The concept, as related by a cool article from The Guardian, usually refers to a “characteristic dip in emotional response that happens when we encounter an entity that is almost, but not quite, human. It was first hypothesized in 1970 by the Japanese roboticist Masahiro Mori, who identified that as robots became more human-like, people would find them to be more acceptable and appealing than their mechanical counterparts. But this only held true up to a point. When they were close to, but not quite, human, people developed a sense of unease and discomfort.
If human-likeness increased beyond this point, and they became very close to human, the emotional response returned to being positive. It is this distinctive dip in the relationship between human-likeness and emotional response that is called the “uncanny valley.” One cool takeaway: If your copy isn’t performing, don’t necessarily junk it. It could be 90% of the way to the finish line. Figure out that missing 10%, plug it in, and you could be in business.
2. Stuck trying to take the prospect on a hero’s journey? Having a hard time empathizing? Not a problem. Figure out your own problems and emotional needs, and write from that place.
As my business mentor, Rich Schefren, once put it: “That which is most personal is most general.” The easiest way to get into a prospect’s head is to get sensitive to what’s going on in yours. Big-league standup comedians do this as a matter of course. They experience troubling, quirky, beautiful and ridiculous moments in their own lives. They recognize the universality of these moments. They use the insights to relate to an audience in an eloquent/funny way.
So why are you in pain? Can you relate to your prospect’s “hero’s journey” personally? What relevant fears and anxieties do you feel or have you felt? What would be useful to hear, know, or buy?
Be genuine! Promote it as if you’re marketing to yourself or a loved one. And if that sounds like hokey advice — or if the prospect of promoting your services to intimates makes you uncomfortable — please recognize that this discomfort may have less to do with the messaging per se and more to do with your fears about gaps in your service or value proposition.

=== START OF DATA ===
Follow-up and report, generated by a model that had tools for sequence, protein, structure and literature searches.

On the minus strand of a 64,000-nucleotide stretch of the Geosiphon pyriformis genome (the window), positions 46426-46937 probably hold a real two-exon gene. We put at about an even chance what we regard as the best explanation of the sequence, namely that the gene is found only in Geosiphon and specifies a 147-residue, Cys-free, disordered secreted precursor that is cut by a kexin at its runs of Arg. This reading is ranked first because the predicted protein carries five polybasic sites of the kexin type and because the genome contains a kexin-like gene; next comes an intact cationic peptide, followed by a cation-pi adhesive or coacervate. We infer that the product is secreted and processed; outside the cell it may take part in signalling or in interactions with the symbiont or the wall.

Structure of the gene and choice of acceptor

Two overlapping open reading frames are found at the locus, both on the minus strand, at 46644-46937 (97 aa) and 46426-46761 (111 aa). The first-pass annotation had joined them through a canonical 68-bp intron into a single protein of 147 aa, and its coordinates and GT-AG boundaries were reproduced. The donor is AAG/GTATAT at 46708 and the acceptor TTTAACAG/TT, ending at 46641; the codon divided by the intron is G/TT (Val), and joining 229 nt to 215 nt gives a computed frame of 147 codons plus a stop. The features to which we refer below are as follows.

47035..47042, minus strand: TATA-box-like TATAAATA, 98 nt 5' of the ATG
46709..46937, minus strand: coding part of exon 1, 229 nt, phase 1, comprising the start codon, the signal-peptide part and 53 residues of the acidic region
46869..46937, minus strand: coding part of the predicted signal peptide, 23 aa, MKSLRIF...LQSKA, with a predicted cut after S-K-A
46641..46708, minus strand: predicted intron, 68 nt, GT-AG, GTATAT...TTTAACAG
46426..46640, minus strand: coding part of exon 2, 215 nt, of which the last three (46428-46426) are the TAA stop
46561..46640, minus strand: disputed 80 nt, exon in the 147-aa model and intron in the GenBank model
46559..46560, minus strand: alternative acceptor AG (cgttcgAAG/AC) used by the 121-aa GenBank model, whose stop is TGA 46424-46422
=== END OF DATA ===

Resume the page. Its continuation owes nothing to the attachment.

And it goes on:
3. Be willing to make mistakes and embarrass yourself … a lot. Finding the right message is not something that will happen overnight or in an instant. It’s an iterative process, like riding a bike. You will fall down and get bruised. You will not instantly strike it rich, unless you’re a once-in-a-generation savant. There will not be a eureka moment when all the pieces snap suddenly in place. Expect this.
In fact, weirdly enough, eureka moments don’t generally exist in real life. People who make astonishing innovations do so over time, as if they’re carving a statue from marble. It takes discipline and creativity to general novelty, not bolts from the blue.
Content marketing is not a dry, sober, clinical thing. It is a way of systematically taking people through an intimate experience in a predictable and repeatable way, similar to writing a movie screenplay. You need the head. You need the heart. You need to engineer and plan. You need to get wild and go for the throat.
Don’t give up. And do not think you can just sit back and wait for the muse. You must go out and call her forth. Grab your chisel.
Adam Kosloff is the founder of Virtuoso Content, a content creation enterprise for legal services. He may be reached at 818-601-6747 or firstname.lastname@example.org.